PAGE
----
>> there are plenty of these militiamen who share no doubt at all. somwatched this man as he takes out two pistols and takes aim into the crowd. the crowd and chases him down. despite the casualties, the iranians are losing their fear. perhaps it is time for the government to start running scared. >> as american forces prepare to leave iraq, attention has been rising between the kurdish autonomous region and the rest of iraq. land, oil and power are some of the disputes that could prove explosive. >> these are the kurdish armed forces. the kurds see them as the ultimate protectors of their autonomy.
there is no iraqi army here. since this is largely peaceful, there is no need for the americans to station troops inside of kurdistan either. >>they have come a long ways frm the old days when they were essentially the regular guerrillas. now they are part of and regular army completely separate from the iraqi army which chasetakes its orders from baghdad. now they are prospering. you will not see sights like this anywhere else in iraq at the moment. it makes kurdistan that different from the rest of the country. quayle adds another element to the explosive mixture. -- oil adds another element to
the explosive mixture. there has been a breach with baghdad over this issue. >> before the americans withdraw, the differences must be settled, especially over the disputed territories. we have to solve our problems in the spirit of brotherhood and in line with the constitution. >> there will never be any bargaining with our rights. >> the kurds have been alarmed by signs that the prime minister maliki might be emerging as something of a strong man in baghdad favoring centralized government. for them, this has echoes of saddam hussein. >> all of these problems are covered by the constitution and as long as everyone abides by this, that will settle the issue. some have no choice but to deal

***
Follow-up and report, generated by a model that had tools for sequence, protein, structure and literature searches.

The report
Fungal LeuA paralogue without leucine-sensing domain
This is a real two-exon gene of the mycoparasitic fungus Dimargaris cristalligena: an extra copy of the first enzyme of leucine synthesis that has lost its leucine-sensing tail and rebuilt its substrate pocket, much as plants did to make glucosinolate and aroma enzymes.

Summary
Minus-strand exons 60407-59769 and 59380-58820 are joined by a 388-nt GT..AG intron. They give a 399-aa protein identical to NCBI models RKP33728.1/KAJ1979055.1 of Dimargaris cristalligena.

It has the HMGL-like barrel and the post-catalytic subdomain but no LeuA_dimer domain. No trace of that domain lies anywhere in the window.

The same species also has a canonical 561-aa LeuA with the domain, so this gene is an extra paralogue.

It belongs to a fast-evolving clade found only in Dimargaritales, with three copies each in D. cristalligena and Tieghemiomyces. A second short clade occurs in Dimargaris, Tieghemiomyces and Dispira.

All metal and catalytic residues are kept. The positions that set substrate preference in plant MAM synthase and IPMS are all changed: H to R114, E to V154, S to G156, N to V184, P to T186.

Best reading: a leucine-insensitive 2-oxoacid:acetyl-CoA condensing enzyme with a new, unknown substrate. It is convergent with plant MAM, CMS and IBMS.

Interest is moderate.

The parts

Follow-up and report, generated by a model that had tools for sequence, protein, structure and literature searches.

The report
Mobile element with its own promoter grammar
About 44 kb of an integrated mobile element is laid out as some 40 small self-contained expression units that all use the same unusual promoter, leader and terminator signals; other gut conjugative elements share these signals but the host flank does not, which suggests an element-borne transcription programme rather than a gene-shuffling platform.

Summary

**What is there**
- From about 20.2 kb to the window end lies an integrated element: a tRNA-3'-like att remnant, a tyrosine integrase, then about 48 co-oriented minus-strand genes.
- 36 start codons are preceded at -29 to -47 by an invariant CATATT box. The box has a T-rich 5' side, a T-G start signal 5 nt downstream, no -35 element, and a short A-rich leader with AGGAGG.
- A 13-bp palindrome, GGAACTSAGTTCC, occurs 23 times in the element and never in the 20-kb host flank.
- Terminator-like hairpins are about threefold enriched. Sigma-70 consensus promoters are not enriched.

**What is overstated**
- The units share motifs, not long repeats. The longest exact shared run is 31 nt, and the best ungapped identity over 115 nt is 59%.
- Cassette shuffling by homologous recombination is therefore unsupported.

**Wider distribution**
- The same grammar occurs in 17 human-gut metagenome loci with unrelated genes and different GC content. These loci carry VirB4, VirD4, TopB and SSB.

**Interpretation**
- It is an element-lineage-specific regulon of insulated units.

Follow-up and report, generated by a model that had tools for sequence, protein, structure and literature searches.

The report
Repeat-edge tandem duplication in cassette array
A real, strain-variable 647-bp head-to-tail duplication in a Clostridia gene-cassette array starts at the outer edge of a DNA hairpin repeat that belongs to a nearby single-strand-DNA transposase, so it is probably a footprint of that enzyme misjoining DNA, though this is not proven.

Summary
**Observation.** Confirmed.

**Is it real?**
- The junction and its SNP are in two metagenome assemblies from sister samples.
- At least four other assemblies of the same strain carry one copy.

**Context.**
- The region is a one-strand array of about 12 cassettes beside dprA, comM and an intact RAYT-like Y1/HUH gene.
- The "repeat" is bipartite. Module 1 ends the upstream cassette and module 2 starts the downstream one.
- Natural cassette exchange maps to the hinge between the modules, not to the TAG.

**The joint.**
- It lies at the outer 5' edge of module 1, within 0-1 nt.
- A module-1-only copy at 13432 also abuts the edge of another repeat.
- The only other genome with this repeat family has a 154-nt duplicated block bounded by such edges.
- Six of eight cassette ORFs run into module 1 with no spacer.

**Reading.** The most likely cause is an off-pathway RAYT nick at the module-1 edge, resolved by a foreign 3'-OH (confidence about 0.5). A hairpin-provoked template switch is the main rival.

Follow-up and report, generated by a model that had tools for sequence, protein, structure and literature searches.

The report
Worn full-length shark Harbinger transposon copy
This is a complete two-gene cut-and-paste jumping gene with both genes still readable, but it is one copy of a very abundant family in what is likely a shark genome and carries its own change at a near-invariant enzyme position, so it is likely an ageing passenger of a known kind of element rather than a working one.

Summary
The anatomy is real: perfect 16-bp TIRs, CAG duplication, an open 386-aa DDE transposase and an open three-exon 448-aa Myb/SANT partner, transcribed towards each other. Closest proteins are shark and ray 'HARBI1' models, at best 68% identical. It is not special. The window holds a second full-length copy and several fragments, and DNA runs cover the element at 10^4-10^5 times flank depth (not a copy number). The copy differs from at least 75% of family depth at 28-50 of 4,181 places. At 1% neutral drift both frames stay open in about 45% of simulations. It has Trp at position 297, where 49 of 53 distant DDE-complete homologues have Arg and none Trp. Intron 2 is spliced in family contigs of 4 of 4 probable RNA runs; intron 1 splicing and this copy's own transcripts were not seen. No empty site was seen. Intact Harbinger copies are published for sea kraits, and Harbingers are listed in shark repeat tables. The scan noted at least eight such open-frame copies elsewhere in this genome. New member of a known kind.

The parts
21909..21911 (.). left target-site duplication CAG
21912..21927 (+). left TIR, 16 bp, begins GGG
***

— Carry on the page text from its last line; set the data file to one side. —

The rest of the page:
with each other. we are not afraid of each other. >> kurdish leaders say they have no intention of going on the offensive they say they're ready to defend themselves and their gains at any moment. >> a british geologist and gemstone expert has been killed by an armed gang in kenya. he owns several mines. it was thought that he was involved in a dispute over illegal miners. his son told us that they had left their vehicles because the road had been blocked with trees and then they were ambushed. >> we stopped about 20 meters before the trees and we got out so that we could pass. at this point, 8 men came
running down the road armed with spears, machetes, knives, clubs, bows and arrows. they said that they had come to kill us. one man lunged at my father with a spear. when that happened, i saw another person run up with a knife and stabbed my father. >> one of the most influential figures in the development of rock music, les paul, has died. in his most significant contribution was creating a solid body electric guitar and with it one of the distinctive
sounds of electrified music. many more details on that and all of the international news on bbc.com. thank you for being with us on bbc world news. >> funding was made possible by the freeman foundation of new york, stowe, vermont, and honolulu. the newman's own foundation. the john d. and catherine t. macarthur foundation. and union bank. >> union bank has put its financial strength to work for a wide range of companies from small businesses to major corporations. what can we do for you? >> i'm julia stiles. >> i'm kevin bacon. >> i'm kim cattrall. >> hi, i'm ken burns. >> i'm lili taylor. >> i'm henry louis gates jr.,